of mTOR inhibitors such as rapamycin in LAM and TSC. At the time of writing these have not
      been reported but appear promising.

      Background and preliminary data Cystic lung destruction is the hallmark of pulmonary LAM and
      generally results in respiratory failure over a variable period of time(Johnson 2006).
      Over-activity of proteases including elastase, trypsin and the matrix metalloproteinases
      (MMPs) is responsible for parenchymal destruction in emphysema and other lung diseases. The
      MMPs are a family of zinc dependent proteolytic enzymes with proteolytic activities against
      extra-cellular matrix proteins. The MMPs are overexpressed in inflammatory and neoplastic
      diseases where in addition to processing extra-cellular matrix they also have roles in
      metastasis, angiogenesis, growth factor activation and inactivation(Stamenkovic 2003). MMPs
      -1, -2, and -9 are involved in the sequential digestion of collagen and gelatin and are
      strongly expressed in the walls of cysts where it is thought they contribute to parenchymal
      destruction in LAM(Matsui, Takeda et al. 2000). Further, MMPs can be detected by gelatin
      zymography in the urine of patients with LAM but not controls. Doxycycline is a tetracycline
      antibiotic in common clinical use. In addition to its antimicrobial action it inhibits the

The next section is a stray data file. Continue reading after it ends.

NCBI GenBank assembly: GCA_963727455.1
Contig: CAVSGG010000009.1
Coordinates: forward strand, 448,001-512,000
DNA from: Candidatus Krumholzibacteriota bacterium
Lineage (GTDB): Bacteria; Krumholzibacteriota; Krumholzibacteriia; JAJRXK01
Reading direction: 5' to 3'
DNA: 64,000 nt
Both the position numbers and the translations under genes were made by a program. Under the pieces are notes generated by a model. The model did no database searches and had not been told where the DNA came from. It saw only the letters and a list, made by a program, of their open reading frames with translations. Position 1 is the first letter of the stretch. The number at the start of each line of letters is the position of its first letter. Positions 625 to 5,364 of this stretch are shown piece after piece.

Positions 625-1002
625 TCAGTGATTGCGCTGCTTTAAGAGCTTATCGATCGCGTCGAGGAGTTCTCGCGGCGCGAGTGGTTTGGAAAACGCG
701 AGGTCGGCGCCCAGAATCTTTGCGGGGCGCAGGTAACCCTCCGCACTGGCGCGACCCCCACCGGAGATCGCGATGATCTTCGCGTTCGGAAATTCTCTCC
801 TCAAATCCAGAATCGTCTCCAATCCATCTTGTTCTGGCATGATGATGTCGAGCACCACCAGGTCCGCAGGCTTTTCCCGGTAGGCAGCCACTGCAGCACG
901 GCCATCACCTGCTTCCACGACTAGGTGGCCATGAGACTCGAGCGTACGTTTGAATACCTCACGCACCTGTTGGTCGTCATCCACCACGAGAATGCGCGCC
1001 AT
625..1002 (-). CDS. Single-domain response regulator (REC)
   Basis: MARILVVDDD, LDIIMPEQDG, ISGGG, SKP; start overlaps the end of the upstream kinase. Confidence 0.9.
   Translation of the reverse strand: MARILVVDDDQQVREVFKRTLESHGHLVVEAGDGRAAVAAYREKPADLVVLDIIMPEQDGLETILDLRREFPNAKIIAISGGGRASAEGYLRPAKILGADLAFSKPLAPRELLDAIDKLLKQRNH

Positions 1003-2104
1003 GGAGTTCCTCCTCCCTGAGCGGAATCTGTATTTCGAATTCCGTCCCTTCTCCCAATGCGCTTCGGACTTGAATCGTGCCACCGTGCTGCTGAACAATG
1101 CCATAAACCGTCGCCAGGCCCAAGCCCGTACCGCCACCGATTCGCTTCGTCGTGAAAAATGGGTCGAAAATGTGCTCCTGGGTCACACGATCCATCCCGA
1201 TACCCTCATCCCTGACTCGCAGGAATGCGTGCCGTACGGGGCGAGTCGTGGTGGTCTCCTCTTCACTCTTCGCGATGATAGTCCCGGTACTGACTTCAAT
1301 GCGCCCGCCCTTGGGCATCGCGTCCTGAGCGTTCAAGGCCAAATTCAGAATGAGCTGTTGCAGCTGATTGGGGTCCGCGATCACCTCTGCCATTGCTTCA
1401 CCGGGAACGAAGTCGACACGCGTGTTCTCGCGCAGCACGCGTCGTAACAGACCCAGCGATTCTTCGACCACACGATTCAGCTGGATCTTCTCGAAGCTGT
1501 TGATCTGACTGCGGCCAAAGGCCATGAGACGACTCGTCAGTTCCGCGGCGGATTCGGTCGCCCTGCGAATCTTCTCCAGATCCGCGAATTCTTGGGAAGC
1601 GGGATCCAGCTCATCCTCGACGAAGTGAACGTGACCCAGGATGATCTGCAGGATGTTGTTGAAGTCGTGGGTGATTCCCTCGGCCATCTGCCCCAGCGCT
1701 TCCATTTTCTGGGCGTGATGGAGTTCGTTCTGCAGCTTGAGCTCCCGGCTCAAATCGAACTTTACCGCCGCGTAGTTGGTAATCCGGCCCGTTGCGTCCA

synthesis and activity of several MMPs and inhibits proliferation of a range of cell types
      including arterial smooth muscle, cancer cells and cancer model systems(Bendeck, Conte et al.
      2002; Duivenvoorden, Popovic et al. 2002; Onoda, Ono et al. 2004). In preliminary experiments
      we have demonstrated that primary LAM derived and angiomyolipoma cells produce MMP-2 and -7
      and that MMP expression and proliferation in these cells in inhibited by doxycycline.

      Preliminary clinical data of doxycycline in LAM In a preliminary open label study of
      doxycycline (50 - 100 mg qds) in 10 patients with LAM, doxycycline improved 6 minute walk
      distance) and Borg dyspnoea score (Glassberg et al. Data presented at the LAM Foundation
      International Research Conference, Cincinnati Ohio 2006). In a single case report, Moses et
      al. observed an improvement in FEV1 and oxygenation during exercise in a patient with LAM
      treated with 100mg doxycycline daily (Moses, Harper et al. 2006). In both of these cases
      MMP-2 and -9 were initially present in the patient's urine and was undetectable after